Apprenticeships, the original internship, have been around since the 11th century.
Eager learners would often live with a master craftsman, serving the master for most of their young adult life. At the end of the arrangement, they would ideally be admitted into a guild as a journeyman, serving the craft for the rest of their life.
For Erin Green, the modern internship thankfully looks much different. Erin is spending 10 weeks, not years, in Washington, D.C., interning with the Association of Schools and Programs of Public Health (ASPPH) as a data center intern.
Instead of committing the rest of her life to one role, Erin is gaining valuable work experience for future career moves.
Pushing her comfort zone
Erin applied for the ASPPH internship because she thought it would help her step out of her comfort zone. “I grew up in Salem, Oregon, and went to college in Corvallis, so I jumped at the chance to complete my required internship out-of-state and to work with a nonprofit such as ASPPH,” Erin says.
She also saw the internship as an opportunity to diversify her experience. “Gaining experience in nonprofit work has been a goal of mine since I declared public health as my primary major.”
Erin is developing a membership database and building an interactive dashboard for the ASPPH data center portal.
“I have learned extensively about relational databases, data visualization and higher education accreditation,” Erin says. “The knowledge and skills I have gained here will directly apply to any work I do in the future related to health information technology and health informatics.”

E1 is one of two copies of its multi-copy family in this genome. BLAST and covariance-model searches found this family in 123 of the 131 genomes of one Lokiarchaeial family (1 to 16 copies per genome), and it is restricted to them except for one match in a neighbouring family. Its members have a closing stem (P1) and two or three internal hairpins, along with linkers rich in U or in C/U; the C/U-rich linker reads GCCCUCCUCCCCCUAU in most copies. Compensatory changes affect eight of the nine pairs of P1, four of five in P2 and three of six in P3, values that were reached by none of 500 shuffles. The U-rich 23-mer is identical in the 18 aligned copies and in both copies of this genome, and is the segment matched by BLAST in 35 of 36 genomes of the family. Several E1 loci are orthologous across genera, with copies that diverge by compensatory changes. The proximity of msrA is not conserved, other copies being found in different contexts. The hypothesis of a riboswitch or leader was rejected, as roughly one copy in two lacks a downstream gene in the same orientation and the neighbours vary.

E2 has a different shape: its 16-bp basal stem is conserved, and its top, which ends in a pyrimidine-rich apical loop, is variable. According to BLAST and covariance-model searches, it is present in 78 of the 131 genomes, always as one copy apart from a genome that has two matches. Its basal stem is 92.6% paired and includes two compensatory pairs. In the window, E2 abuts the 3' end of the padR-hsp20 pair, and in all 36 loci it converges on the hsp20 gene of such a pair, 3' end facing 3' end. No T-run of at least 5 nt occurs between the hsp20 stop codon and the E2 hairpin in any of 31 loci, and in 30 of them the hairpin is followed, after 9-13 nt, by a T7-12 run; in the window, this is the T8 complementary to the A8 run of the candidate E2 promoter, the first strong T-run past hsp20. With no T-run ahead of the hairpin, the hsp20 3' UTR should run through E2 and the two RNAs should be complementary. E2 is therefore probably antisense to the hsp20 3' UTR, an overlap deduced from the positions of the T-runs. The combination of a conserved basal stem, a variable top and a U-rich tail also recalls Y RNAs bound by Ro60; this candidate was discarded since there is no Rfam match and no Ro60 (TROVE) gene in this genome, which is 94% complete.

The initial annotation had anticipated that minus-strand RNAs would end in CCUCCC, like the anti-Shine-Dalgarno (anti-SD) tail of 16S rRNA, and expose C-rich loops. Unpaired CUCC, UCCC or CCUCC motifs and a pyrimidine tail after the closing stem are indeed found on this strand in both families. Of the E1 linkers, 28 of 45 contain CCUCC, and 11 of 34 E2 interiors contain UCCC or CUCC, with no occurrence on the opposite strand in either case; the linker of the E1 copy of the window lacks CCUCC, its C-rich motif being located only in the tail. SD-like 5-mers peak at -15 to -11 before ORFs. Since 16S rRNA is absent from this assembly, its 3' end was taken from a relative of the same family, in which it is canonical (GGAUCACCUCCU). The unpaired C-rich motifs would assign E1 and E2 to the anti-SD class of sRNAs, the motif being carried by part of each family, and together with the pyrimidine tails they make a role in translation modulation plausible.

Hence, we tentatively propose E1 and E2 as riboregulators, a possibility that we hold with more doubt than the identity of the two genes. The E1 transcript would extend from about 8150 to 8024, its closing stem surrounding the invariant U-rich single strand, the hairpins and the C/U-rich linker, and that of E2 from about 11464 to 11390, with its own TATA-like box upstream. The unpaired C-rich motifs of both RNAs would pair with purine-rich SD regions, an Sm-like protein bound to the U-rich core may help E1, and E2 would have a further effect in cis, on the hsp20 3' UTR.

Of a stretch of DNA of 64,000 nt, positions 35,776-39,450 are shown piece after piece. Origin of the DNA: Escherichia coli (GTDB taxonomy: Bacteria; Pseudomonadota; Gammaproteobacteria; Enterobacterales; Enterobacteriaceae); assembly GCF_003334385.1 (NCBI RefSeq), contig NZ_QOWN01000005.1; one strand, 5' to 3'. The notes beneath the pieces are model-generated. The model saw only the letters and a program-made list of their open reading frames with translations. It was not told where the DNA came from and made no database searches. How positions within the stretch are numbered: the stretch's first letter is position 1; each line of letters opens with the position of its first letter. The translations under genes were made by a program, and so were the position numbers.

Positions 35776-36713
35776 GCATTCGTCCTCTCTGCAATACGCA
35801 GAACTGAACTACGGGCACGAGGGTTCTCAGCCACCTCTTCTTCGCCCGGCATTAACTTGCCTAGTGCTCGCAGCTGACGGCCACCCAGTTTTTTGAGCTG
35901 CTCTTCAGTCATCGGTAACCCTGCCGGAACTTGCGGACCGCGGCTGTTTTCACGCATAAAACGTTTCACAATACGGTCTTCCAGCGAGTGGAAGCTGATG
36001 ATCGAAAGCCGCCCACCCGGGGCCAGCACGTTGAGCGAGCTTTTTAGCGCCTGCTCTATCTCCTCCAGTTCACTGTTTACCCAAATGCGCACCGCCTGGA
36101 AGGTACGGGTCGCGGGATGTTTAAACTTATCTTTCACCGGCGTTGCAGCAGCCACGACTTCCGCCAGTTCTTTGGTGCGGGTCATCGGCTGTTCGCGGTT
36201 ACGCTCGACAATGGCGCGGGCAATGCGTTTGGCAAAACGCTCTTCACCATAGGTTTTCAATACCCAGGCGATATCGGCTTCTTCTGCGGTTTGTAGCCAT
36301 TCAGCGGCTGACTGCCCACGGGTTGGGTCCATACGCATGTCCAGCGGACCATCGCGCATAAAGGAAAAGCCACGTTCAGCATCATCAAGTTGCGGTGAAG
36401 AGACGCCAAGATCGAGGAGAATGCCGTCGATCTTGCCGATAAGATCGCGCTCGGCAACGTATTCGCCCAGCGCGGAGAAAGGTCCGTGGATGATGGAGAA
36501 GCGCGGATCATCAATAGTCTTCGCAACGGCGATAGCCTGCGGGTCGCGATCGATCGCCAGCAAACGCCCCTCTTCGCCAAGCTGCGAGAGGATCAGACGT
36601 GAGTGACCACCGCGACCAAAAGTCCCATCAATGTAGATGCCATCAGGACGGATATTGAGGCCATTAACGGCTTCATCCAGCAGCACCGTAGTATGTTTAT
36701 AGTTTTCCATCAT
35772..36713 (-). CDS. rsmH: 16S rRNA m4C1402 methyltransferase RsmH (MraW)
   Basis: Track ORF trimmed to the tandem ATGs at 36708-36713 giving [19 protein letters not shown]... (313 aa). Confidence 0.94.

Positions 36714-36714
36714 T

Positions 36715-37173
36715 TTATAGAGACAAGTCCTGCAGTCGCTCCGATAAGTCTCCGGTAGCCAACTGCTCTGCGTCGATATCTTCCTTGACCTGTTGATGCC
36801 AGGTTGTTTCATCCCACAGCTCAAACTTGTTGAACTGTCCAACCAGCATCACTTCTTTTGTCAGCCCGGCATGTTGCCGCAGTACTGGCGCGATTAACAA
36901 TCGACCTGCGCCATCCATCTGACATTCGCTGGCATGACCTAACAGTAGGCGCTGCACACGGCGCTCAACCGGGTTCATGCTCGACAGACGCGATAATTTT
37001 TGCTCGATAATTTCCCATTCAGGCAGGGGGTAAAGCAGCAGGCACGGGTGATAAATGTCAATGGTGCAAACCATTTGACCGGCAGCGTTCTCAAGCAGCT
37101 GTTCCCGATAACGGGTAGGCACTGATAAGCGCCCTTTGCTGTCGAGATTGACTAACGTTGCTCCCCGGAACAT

More than a required internship
Even though internships are required for CPHHS students, public health undergraduate internship coordinator Karen Elliot helps students pick local, national or international locations that align with their passions and interests.
“When discussing different internship options with students in my pre-internship class, I make sure the sites they consider align with their future goals and provide them with additional skills, knowledge and relevant experience to help them be successful with their next endeavors,” Karen says.
She says higher education needs to help prepare students to be successful young professionals and that internships help achieve this important goal.
“I am so grateful for our internship site partners; they really give students in-depth projects and experiences to ensure they will excel in the workforce after graduation,” Karen says.
This summer, 81 CPHHS students are getting valuable experience interning at locations around the world — including India, Ecuador, South Africa, Uganda and Ghana.
Stacking her resume
Beyond interning in D.C., Erin proactively sought the experiences she wanted while attending Oregon State.
She will graduate this September with a degree in public health – health management and policy (HMP) – from the CPHHS and a degree in policy and business innovation, with minors in economics and entrepreneurship from the College of Business (COB).
“Erin was selected for the accelerated graduate program in HMP,” says HMP program director Karen Volmar. “She is the kind of student this program was created for — particularly focused and high achieving students with the maturity and ability to succeed at graduate-level work while still an undergraduate.”
Erin has been a CPHHS peer advisor for two years and participated in the Undergraduate Research Awards Program. She also recently received the COB’s outstanding student in strategy and entrepreneurship award.
Shaping her future in public health and business
To mirror her undergraduate degrees, Erin plans to pursue a dual Master of Public Health and Master of Business Administration program.
“I believe that business and public health are entirely complementary degrees,” Erin says. “My public health curriculum has given me insight into quality maximization and patient satisfaction; whereas my business classes have taught me frameworks and strategies to improve cost-effectiveness and efficiency. These skills and perspectives are all varied, but relevant to the health care sector.”
Erin has very specific objectives for her future and, if her path so far is any indication, she is well on her way to achieving her goals. “I would love to work as a health care consultant after graduate school and eventually transition into a career as a nonprofit hospital administrator in an operations or strategic management role.”